Connecticut ESL Teacher Job Description and ESOL Certification Requirements

Although Connecticut may not be the first state to come to mind when considering states with strong international populations, this state does, in fact, enjoy the diversity and economic vitality that comes with a larger immigrant population. According to the American Immigration Council, as of 2018, about 15 percent of all Connecticut residents were immigrants and another 16 percent of the population were native-born Americans with at least one immigrant parent.

This sizable immigrant population, of course, translates into a steadily growing population of PreK-12 students. According to the National Center for Education Statistics (NCES), Connecticut’s immigrant student population has nearly doubled in size from 2000 to 2018, growing from 20,499 English Language Learners (ELLs) in 2000 to 40,200 ELLs in 2018. Connecticut’s ELLs now account for nearly 8 percent of the total student population.

The Master of Arts in Teaching - TESOL online program from the USC Rossier School of Education prepares you to teach students of all ages in the U.S. and internationally, gives you the option to pursue a teaching credential, and can be completed in 12 months.
Campbellsville University Offers an ESL Endorsement (P-12), M.A. in Teaching - Secondary Education, M.A. in TESOL
Liberty University Offers Undergrad Cert and B.Ed. in English as a Second Language.
Greenville University Offers a Master of Arts in Education - Teaching English as a Second Language (ESL)
George Mason University Offers a Master of Education (MEd) in Curriculum and Instruction, Concentration in TESOL
Capella University offers online Master’s program in English Language Learning and Teaching designed to help educators advance their career in supporting diverse student populations. While it does not satisfy licensure requirements, the program can help you build the skills to use instructional strategies, emerging trends, and best practices to effectively teach English Language Learners to help students adapt to new cultural environments.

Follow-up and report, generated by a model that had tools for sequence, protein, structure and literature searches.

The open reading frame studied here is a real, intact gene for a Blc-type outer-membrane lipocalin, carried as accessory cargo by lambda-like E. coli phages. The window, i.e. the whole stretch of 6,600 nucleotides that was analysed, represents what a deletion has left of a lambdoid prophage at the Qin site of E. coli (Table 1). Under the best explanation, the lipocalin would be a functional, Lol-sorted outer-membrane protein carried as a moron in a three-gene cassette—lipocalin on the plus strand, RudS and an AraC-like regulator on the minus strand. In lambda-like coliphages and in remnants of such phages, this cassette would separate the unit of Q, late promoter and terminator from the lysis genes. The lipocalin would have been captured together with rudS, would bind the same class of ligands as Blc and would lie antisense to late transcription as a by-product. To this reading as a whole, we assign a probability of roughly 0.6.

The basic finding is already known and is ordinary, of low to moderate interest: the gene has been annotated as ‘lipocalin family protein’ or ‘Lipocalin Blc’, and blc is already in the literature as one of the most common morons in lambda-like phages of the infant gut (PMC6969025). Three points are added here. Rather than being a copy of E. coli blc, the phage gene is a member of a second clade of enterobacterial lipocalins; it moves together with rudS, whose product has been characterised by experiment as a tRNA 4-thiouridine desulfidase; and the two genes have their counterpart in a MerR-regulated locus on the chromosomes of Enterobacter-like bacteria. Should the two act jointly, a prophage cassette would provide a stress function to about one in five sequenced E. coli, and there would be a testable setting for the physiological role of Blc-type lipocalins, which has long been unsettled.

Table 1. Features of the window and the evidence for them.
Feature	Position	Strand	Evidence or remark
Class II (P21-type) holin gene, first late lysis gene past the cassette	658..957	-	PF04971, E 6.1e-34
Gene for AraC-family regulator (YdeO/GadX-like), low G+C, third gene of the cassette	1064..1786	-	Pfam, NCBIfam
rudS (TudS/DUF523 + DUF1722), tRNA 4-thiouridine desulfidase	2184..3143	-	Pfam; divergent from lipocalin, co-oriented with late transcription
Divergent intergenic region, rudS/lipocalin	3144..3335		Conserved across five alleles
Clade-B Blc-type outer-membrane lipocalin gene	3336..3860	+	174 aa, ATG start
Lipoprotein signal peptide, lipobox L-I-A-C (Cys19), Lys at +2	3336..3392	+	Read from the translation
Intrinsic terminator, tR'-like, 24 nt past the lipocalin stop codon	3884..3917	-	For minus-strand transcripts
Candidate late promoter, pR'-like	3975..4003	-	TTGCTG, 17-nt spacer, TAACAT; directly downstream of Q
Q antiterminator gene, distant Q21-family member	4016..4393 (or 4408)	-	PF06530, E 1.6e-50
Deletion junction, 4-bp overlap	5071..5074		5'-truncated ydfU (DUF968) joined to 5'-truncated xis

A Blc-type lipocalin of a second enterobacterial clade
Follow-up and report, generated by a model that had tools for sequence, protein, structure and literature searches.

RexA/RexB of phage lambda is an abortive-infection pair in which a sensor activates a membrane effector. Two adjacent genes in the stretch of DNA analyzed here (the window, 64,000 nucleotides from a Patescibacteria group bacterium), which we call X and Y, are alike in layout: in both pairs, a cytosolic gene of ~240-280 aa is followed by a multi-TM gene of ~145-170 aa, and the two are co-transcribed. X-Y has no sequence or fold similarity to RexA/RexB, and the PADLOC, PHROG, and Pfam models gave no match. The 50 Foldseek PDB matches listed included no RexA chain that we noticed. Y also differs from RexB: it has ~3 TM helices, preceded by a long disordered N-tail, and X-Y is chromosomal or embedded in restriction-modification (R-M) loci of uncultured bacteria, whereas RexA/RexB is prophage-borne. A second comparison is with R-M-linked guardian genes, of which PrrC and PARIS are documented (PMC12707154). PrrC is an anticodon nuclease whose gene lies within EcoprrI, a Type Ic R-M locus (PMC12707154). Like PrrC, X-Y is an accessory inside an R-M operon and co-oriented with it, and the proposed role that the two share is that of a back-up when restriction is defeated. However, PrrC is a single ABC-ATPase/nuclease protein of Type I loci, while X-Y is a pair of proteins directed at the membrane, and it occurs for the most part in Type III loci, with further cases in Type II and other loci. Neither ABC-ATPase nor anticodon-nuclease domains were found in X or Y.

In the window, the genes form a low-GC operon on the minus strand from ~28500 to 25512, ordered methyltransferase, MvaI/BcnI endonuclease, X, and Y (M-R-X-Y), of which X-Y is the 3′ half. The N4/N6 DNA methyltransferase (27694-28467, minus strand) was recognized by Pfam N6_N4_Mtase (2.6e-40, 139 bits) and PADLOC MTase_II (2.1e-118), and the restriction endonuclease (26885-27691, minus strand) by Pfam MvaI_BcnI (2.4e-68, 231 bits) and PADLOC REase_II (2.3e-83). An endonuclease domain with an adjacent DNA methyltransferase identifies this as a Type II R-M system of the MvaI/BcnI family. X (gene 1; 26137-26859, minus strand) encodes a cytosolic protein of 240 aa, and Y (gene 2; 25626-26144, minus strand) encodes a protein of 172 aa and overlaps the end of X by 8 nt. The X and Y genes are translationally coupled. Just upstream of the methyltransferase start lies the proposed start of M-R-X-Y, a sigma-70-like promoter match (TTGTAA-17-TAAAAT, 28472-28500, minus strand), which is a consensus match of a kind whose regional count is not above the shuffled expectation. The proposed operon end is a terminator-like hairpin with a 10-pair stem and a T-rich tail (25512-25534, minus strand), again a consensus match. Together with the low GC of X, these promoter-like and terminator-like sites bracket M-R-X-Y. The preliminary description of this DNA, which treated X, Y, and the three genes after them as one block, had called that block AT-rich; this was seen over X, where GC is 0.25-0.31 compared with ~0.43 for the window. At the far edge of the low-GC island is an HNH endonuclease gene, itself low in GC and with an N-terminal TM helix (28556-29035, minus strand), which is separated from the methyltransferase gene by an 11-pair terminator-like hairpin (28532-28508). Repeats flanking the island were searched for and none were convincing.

St. John's University Offers an Online Ph.D. in Literacy
Saint Joseph's University Offers an English as a Second Language Certificate

With this kind of meteoric growth among ELLs, it’s no surprise that the ESL teachers remain an in-demand profession throughout the state. In fact, according to the U.S. Department of Education, Connecticut reported ESL teacher shortage areas in all grades (PreK-12) during the 2021-2022 school year.

Now may be a fantastic time to earn an initial Connecticut teaching certificate in ESL or add an ESL endorsement to your existing certificate. From increased and more varied professional opportunities to opportunities to earn a bigger paycheck, there are plenty of reasons to become an ESL teacher in Connecticut.

Follow these steps to learn how to become an ESL teacher in Connecticut:

#1 ButtonComplete a State-Approved Educator Preparation Program to Become an ESL Teacher in Connecticut
#2 ButtonPass the PRAXIS II Examination
#3 ButtonApply for Certification as an ESL Educator in Connecticut
#4 ButtonAchieve a Provisional and Professional Teaching Certificate
#5 ButtonAchieve Cross-Endorsement in TESOL
#6 ButtonLearn More About Working as an ESL Teacher in Connecticut



Step 1. Complete a State-Approved Educator Preparation Program to Become an ESL Teacher in Connecticut

The Connecticut State Board of Education (CSDE) is responsible for building high-quality, comprehensive, and coordinated English as a Second Language (ESL) and bilingual education programs for English Language Learners (ELLs) in the state. The Board also ensures that all Teachers of English to Speakers of Other Languages (TESOL) and bilingual teachers, K-12, hold the appropriate certificate for their assignment.

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ESL programs in Connecticut, which are taught exclusively in English, strive to help ELLs acquire a level of English proficiency in listening, speaking, reading, and writing that allows them to master the same content and meet the same academic performance standards as other students whose first language is English. The goals of ESL programs enable ELLs to:

  • Progress in content-area achievement and English academic proficiency
  • Meet the English mastery standard on the annual assessment
  • Function successfully in a mainstream program